Being one who feared God, and one who cared for the poor, Boaz went among his reapers, spoke kindly to them, and earned their benediction. Coming upon Ruth he was arrested by her staid and modest look. Although poorly clad there was a dignity in her mien, a refinement giving her distinction, and Boaz is arrested by her beauty and personality. Making inquiries about her, Boaz learns of her sacrifice for Naomi, and of her conversion to the worship of Jehovah (Ruth 2:6, 7), and commands the reapers to purposely drop extra sheaves for Ruth’s benefit. Boaz also bade Ruth to glean only in his field, and to stand fast by his female workers. He wanted to preserve her from coarse contact with men who might take advantage of such a poor woman, who was in his admiring eyes a superior one. She was not to eat with others but present herself at his feasts.
As for Ruth, her heart was full because kindness had been shown her by a stranger in the solitude of a strange land. How excited she must have been when she reached home and told Naomi all about her good fortune, and showed her all the parched corn she had gathered. Was there a lyric note in Ruth’s story of that first day? Had she sensed that somehow Boaz had been strangely attracted to her, hence his generosity in spite of the alien blood in her veins? As for Naomi, when Ruth came to mention the name of her benefactor, Boaz, she recalls the name as that of a kinsman of her deceased husband, Elimelech. It may be that in the mind of Naomi there entered a feeling that perhaps a brighter future may be hers and Ruth’s.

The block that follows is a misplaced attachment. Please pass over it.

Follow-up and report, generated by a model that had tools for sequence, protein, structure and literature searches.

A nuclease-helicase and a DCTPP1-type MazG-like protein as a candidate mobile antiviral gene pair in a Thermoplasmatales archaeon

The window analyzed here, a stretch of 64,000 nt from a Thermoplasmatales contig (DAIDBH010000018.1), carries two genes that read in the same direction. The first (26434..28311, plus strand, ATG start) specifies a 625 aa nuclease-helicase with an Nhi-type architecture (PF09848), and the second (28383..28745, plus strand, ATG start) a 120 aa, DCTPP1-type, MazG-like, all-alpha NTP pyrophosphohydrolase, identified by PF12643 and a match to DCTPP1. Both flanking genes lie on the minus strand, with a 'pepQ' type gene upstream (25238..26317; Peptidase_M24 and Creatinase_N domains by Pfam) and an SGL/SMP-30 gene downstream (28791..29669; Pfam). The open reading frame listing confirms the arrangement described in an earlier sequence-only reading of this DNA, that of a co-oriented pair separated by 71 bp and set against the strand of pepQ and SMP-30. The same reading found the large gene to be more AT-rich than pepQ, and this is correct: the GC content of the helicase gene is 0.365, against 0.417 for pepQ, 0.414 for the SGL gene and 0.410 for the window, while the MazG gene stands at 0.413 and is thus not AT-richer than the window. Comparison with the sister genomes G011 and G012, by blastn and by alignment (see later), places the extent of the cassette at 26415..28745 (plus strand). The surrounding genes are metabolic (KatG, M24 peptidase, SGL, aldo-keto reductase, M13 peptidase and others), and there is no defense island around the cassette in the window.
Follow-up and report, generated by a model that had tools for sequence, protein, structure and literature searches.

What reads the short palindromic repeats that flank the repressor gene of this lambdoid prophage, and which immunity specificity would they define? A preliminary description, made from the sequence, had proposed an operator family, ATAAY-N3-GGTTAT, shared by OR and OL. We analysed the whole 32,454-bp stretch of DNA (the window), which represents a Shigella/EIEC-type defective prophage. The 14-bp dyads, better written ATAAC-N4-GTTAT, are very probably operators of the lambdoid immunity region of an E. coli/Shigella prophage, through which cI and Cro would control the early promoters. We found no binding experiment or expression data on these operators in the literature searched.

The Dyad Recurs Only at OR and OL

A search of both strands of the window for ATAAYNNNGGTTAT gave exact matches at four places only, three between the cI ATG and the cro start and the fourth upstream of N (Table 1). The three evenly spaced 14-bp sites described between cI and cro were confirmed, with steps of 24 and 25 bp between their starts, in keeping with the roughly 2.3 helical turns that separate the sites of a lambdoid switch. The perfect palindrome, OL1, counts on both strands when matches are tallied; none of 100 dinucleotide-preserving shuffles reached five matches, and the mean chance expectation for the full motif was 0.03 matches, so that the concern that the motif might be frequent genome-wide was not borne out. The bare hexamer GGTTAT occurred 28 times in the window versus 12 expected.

We all know how matters between Boaz and Ruth developed which caused Goethe to say of the Book of Ruth that “we have nothing so lovely in the whole range of epic and idyllic poetry.” The name of Boaz became immortalized because of his loving-kindness toward Ruth, the poor Moabitess, while the kinsman who would not mar his own inheritance is unknown. It turned out that Boaz was one of Naomi’s nearest relatives and one of the few remaining kinsmen of her husband’s family. Therefore he was able to befriend the widow of Mahlon, Elimelech’s son, according to the deep principle pervading the law of Israel regarding the preservation of families. This Levirate Law stated that where a husband died without issue, the nearest brother-in-law (levir) might be called upon by the widow to perform for her all the duties of a husband, and raise up seed for the deceased.
In the case of Ruth, however, no brother-in-law was available seeing the only sons Elimelech had were dead. Consequently, the nearest of kin could be called upon to act as “redeemer” (goel) for the unfortunate, relieving them thereby of their distress. The nearest relative to Ruth by marriage was unable to function as her goel, and being the next relative, Boaz did not shirk his responsibility toward the lovely woman who had won his heart. Before the council of ten men at the city gate he announced before witnesses his decision to buy Ruth’s inheritance and marry her. Although bachelor Boaz was advanced in years, he was determined to play his part and as Naomi said, “The man will not rest, until he has finished the thing this day”—and finish it he did! So the idyllic conclusion was reached, with Ruth being lifted out of obscurity into a happy union with Boaz, the mighty man of wealth. This story provides us with one of the first records in world history of a rise from rags to riches, from poverty to plenty.